Minimum notice limitations are enforceable.

Author:Bowal, Peter
 
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Introduction

In Canada, employment is a legal contract. The collective agreement in unionized workplaces represents the ultimate comprehensive contract between employer and employer. It sets out the rights and obligations between the parties, including how employment-related disputes are to be resolved.

The concept of a contract makes intuitive sense because both employer and employee voluntarily agree upon obligations which they must fulfill. Individual (non-unionized) employment contracts may be oral or written, or a bit of both. Often, they incorporate terms by reference from employment manuals and legislation from the taxation, human rights, minimum standards and occupational health and safety fields. There are about two to three times as many workers who enter into individual contracts of employment as there are unionized workers.

Individual employment contracts can be of fixed-term duration such as a summer job or time-sensitive projects. However, by far, most workers start and continue to work indefinitely until one party--employer or employee--quits the other. Contract law implies a term that either party can terminate that contract by giving reasonable notice.

Employees can quit their jobs and they should give their employers reasonable notice of quitting so the employer can find replacement workers. Employers may terminate their employees on reasonable notice--this serves as a period for them to find another job. The notice model is viewed as fair to both parties. By contrast, non-unionized workers in the United States are not viewed as being in a contract, but rather a mere relationship that exists at the will of both parties. If one party wants out, one can quit. This brings the relationship to an immediate end. Notably, this "at will" approach, while highly responsive, simple and efficient, provides no security or protection for workers.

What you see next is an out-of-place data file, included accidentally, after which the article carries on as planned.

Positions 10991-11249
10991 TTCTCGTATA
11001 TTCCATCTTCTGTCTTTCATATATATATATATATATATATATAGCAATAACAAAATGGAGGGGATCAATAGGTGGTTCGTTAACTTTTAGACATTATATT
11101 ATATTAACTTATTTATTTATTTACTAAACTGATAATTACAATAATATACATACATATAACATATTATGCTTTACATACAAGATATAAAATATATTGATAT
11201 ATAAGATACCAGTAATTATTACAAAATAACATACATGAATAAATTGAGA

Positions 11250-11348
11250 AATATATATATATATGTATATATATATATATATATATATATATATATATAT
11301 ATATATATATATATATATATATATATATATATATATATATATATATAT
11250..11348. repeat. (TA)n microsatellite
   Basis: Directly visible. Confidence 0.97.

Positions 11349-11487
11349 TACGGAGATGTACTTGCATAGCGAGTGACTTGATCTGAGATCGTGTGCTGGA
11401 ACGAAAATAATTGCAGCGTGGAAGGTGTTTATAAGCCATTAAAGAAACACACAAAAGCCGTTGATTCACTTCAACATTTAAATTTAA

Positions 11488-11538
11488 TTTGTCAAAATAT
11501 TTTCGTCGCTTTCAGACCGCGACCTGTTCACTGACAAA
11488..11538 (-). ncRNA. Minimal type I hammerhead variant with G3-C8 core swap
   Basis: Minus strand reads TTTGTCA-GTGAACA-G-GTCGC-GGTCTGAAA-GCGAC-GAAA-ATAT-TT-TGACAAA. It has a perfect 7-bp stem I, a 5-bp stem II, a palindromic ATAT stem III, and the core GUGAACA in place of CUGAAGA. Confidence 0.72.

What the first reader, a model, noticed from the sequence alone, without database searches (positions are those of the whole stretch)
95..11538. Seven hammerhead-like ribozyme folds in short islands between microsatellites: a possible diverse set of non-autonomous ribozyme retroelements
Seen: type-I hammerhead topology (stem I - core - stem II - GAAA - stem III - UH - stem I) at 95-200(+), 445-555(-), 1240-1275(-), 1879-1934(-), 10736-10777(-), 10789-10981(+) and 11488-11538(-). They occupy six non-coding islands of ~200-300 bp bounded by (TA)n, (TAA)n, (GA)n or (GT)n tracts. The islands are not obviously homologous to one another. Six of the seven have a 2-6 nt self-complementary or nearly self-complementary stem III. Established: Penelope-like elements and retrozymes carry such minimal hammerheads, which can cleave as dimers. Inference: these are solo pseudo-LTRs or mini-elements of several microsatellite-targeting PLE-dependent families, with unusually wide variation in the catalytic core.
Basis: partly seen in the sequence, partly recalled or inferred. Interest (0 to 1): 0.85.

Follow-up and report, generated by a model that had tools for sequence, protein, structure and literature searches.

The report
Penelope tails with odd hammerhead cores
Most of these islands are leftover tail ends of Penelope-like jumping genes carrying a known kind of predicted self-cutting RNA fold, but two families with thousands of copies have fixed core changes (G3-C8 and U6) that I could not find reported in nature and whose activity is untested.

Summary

While the Canadian notice model for indefinite employment appears more compassionate, it suffers a major flaw: what notice is reasonable in each worker's different circumstances? Employers, employees and judges might all have assorted perspectives on reasonable notice. This uncertainty leads to extensive, costly litigation.

This article describes a solution to this uncertainty problem in reasonable notice, at least as it relates to employers dismissing their employees. We start with distinguishing between minimum and reasonable notice of employment termination.

Minimum versus Reasonable Notice

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